Why No "Money Back Guarantee"?


#1

I know most shops guarantee their work, meaning if they do a repair, and that repair fails within X months, they’ll redo it for no additional charge. What I’ve never seen is a shop that advertises “If we don’t fix your problem for the agreed upon price, you get a full refund.” I’m thinking of a recent thread with a $2200 transmission rebuild that clearly didn’t fix the driveability problem. Would such a “money back guarantee” A.) Give a shop more work than ever and be a boon, or B.) Lead a shop to certain bankruptcy?


#2

Moneyback guarantees are offered for product manufactured in high volumes “to inventory” and sold in very high volumes and with low product cost. A shop cannot offer its product (diagnosis and repair) at very high volume. It takes time, manpower, and expertise to diagnose a car. And facilities and equipment.

I have had a dealership shop refund my money once… but only after my car was involved in a larger investigation by the state Attorney General’s office. I don’t even know what the investigation was about, but I can tell you that the dealership is no longer in business.


#3

What I’ve never seen is a shop that advertises “If we don’t fix your problem for the agreed upon price, you get a full refund.”

I’ve never heard of any business that used that approach. It’s more likely that they will continue working on it until it IS fixed without charging anything additional.

Ever notice most merchandise sales that include a money back guarantee do not refund the shipping costs? Those are sunk costs. You do get the value of the merchandise but you have to send it back to get the refund. How do you send back a transmission rebuild?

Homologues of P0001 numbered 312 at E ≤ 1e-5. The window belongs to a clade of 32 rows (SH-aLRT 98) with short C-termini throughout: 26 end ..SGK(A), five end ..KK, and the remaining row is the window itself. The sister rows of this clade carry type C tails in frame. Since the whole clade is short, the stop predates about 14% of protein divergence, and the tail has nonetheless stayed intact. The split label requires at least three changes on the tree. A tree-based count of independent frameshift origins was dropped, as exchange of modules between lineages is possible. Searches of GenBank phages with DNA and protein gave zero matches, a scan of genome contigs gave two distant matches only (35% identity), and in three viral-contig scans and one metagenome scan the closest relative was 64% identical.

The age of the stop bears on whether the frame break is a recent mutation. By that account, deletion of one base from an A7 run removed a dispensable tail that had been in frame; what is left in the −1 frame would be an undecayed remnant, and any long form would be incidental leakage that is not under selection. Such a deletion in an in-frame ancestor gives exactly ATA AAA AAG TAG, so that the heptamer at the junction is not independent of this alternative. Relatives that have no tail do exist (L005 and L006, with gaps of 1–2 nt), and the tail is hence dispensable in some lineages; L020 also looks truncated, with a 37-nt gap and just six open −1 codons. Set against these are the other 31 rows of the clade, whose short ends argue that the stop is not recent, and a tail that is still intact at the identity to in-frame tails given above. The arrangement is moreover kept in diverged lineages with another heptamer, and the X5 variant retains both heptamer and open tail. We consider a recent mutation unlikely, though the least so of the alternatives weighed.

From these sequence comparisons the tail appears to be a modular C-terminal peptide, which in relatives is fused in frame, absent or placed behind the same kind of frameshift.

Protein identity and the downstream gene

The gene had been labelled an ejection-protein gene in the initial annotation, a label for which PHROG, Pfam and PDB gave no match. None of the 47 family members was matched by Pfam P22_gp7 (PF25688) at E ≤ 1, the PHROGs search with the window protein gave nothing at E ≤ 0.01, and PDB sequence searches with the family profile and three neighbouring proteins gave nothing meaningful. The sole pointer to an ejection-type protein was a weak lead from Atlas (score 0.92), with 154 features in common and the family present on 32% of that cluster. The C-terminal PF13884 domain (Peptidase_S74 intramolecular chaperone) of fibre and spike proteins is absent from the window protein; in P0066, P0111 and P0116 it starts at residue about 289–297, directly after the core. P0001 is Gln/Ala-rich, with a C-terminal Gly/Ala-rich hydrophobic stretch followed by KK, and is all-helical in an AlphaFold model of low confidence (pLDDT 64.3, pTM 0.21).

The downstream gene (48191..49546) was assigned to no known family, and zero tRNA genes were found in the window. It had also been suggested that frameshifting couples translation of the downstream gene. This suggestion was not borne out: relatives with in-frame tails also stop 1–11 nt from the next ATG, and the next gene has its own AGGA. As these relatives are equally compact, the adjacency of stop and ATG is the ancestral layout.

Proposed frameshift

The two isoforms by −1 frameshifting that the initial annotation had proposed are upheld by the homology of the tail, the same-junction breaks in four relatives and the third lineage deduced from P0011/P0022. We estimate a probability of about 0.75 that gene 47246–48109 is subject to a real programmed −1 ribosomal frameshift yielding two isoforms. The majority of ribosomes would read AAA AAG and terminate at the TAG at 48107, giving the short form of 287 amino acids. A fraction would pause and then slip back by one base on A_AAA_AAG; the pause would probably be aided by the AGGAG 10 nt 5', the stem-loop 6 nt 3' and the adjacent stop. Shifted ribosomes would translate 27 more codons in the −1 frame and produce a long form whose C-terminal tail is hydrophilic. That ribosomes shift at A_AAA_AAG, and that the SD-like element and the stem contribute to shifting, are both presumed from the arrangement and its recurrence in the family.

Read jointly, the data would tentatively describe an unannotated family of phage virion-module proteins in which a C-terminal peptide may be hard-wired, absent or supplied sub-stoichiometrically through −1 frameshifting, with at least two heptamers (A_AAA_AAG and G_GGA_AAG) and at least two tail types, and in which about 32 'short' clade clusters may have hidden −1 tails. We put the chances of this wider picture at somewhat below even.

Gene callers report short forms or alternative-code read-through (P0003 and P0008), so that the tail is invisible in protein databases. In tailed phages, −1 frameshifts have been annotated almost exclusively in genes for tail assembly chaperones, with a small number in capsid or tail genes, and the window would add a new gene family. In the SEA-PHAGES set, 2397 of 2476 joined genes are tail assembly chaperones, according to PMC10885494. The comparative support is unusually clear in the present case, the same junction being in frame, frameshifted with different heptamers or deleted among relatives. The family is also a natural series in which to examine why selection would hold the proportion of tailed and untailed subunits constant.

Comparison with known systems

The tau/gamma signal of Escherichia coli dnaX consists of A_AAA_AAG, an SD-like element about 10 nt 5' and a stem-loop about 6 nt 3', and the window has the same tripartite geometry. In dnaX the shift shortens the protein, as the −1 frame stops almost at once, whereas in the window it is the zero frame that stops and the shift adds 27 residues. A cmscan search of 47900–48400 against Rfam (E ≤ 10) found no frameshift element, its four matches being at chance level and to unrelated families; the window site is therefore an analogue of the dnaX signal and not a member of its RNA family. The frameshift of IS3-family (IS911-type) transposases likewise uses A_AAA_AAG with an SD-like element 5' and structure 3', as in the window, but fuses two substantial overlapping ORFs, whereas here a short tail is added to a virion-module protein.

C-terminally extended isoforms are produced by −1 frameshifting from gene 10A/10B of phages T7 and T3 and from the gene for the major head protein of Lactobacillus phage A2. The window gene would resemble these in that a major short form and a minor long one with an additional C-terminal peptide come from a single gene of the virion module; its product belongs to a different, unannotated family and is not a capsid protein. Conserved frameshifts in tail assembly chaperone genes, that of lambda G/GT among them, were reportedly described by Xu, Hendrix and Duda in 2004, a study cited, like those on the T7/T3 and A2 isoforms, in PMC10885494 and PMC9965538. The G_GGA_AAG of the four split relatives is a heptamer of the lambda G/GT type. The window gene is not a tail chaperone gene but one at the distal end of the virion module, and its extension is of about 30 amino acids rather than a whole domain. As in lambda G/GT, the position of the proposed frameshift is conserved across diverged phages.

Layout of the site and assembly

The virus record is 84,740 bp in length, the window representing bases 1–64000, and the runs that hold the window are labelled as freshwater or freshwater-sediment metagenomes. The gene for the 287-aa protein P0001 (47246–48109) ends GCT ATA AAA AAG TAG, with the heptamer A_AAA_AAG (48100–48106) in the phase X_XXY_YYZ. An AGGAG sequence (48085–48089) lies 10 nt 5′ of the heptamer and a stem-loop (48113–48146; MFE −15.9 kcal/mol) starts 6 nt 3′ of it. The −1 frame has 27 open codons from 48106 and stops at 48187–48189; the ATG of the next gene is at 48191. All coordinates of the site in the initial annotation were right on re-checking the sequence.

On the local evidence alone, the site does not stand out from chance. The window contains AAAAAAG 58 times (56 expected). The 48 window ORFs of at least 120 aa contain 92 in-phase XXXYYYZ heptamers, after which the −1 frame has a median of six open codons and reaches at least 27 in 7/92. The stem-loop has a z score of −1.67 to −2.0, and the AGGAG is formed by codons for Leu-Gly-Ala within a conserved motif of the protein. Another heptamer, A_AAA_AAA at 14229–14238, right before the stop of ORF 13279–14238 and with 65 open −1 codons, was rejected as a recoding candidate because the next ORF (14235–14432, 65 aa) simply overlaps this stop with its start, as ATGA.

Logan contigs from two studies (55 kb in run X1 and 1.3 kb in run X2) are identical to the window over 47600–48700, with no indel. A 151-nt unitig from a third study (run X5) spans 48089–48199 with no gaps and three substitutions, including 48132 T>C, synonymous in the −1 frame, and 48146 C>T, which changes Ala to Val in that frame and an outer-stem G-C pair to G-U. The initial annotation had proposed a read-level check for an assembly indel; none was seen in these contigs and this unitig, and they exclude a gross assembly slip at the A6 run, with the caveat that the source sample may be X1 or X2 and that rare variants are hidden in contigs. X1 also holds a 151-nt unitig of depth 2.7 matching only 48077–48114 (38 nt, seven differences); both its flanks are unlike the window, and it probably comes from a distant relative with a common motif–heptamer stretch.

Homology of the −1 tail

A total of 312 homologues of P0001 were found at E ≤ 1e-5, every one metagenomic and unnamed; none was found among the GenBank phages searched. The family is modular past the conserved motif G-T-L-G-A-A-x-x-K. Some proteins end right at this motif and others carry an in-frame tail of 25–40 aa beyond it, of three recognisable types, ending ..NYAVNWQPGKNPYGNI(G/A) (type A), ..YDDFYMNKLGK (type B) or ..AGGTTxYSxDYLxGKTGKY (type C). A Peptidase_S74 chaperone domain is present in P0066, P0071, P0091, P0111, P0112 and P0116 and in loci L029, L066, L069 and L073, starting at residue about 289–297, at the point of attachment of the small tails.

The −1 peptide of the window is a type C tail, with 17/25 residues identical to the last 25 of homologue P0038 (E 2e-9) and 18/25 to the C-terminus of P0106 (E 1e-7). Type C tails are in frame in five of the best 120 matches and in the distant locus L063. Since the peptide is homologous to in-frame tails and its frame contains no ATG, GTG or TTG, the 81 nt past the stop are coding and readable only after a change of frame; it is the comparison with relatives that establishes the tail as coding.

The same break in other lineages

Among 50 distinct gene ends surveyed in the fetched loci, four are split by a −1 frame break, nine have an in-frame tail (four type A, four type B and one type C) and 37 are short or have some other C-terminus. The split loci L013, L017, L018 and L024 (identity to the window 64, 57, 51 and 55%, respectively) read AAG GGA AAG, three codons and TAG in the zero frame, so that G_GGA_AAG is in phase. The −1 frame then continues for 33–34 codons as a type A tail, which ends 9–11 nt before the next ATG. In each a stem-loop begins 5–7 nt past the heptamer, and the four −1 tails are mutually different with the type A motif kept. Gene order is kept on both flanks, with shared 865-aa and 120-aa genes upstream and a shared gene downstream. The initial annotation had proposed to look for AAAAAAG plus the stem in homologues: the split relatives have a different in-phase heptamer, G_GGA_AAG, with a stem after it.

If the customer can complain about the performance but not have to return anything to get 100% of their money back, I have a prediction for you…


#4

I had a coolant leak in a 1971 Maverick that I owned. I was on the road and a Dodge dealer looked at the car and believed it was the core hole (freeze) plug in front of the transmission. They added water and gave me a jug of water for the rest of the trip home–no charge.
When I took the Maverick to my mechanic, he made the same diagnosis. After pulling the transmission, he found that he had misdiagnosed the problem. It turned out that there was a leak in the heater core. My Maverick was air conditioned, which wasn’t real common on 1971 Mavericks and the coolant did appear to be coming from around the transmission. At any rate, my mechanic would not take anything for removing and replacing the transmission even though I thought it only fair that I should give him something for his time.


#5

Auto repair places seem to forget that the customer isn`t paying them to work on their car,the customer is paying them to fix a problem with the car.The auto repair places think that if they work on your car then they should be paid whether they fix the problem or not.